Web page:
Our Story

Filamujuani began in the year 2008. It came about from a passion to help eliminate poverty creatively-by teaching young people how to tell their stories using video and photography. Filamujuani is a combination of two Swahili words – Filamu, meaning films and Juani, meaning, in the sun. Loosely translated it means Films in the Sun in Swahili. We believe that telling your own story is not only cathartic but also uplifting and a life skill worth having.

We have turned this passion into reality by having after school programs during the school holidays where we have more time for the students to learn and even take part in income generating projects.  This has reduced crime level in the communities where they come from since students work 60 hours a week on film sets. So far more than 120 students have gone through the program. Some of them have been able to secure employment by working for T.V. shows, documentaries and even adverts.

With the skills they get, our students are able to educate themselves through high school and college through money earned from the projects that they work on. Our classes always have more ladies than men as we feel women more so, from vulnerable communities are more disadvantaged.

Through the use of Film production, Filamujuani exists to provide opportunity for youths to tell their stories and earn money so that they can better their future and their families.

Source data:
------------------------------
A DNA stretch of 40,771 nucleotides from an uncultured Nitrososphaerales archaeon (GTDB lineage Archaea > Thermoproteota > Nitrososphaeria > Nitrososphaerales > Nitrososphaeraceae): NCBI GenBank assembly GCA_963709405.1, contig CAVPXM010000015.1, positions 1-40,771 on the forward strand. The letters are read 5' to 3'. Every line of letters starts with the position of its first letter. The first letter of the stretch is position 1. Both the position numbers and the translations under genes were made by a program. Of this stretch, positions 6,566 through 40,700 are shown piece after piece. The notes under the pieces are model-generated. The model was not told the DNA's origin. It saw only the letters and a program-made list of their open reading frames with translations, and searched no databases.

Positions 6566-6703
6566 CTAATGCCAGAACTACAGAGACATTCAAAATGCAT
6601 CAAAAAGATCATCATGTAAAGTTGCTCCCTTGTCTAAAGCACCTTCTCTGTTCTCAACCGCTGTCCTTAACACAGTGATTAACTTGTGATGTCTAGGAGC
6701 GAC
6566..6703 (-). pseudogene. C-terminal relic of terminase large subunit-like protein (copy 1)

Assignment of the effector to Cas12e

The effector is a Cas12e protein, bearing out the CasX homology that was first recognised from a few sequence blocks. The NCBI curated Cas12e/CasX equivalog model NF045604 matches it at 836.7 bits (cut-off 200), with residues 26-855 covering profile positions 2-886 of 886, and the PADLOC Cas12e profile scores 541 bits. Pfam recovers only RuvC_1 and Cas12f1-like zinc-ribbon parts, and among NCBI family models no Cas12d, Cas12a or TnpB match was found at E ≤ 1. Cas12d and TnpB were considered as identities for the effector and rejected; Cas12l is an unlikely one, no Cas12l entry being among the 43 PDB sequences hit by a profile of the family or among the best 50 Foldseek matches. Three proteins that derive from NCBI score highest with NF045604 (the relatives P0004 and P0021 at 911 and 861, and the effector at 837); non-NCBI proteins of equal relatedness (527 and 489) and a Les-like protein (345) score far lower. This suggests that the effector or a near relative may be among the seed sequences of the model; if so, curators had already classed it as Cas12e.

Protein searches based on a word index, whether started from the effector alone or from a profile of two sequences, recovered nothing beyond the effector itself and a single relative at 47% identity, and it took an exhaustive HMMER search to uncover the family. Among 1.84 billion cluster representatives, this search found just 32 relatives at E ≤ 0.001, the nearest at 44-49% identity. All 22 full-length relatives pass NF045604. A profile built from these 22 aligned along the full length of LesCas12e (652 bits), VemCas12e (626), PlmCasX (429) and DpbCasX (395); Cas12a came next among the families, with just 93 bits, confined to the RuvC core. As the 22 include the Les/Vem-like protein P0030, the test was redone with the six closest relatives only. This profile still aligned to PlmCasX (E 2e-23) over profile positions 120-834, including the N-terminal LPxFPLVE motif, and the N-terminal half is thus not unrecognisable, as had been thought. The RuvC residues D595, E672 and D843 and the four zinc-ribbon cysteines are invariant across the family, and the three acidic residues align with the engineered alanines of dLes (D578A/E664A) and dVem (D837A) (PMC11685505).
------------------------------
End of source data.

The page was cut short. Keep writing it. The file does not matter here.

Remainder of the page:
Vision /Mission


Our vision is to be the premiere multimedia training institute in Africa with students who are creating world class content.


Filamujuani empowers youths from vulnerable communities to become economically self- sufficient by providing education through the lens of a camera.

Why Filamujuani?

There is so much pride when our students are able to pay their own way through school from the work they are doing. They know that they have what it takes to make it in the world and that they do not have to beg for a hand out or donations. With the rising youth unemployment in most African countries there is need for the youth to start seeing themselves as job creators. They need to be the people who can see opportunities and needs in their communities and address them.


  • Ken Oloo
    Ken Oloo Founder
  • Pauline Chege
    Pauline Chege Lead Administrator
  • Philip Alvy
    Philip Alvy Curriculum Developer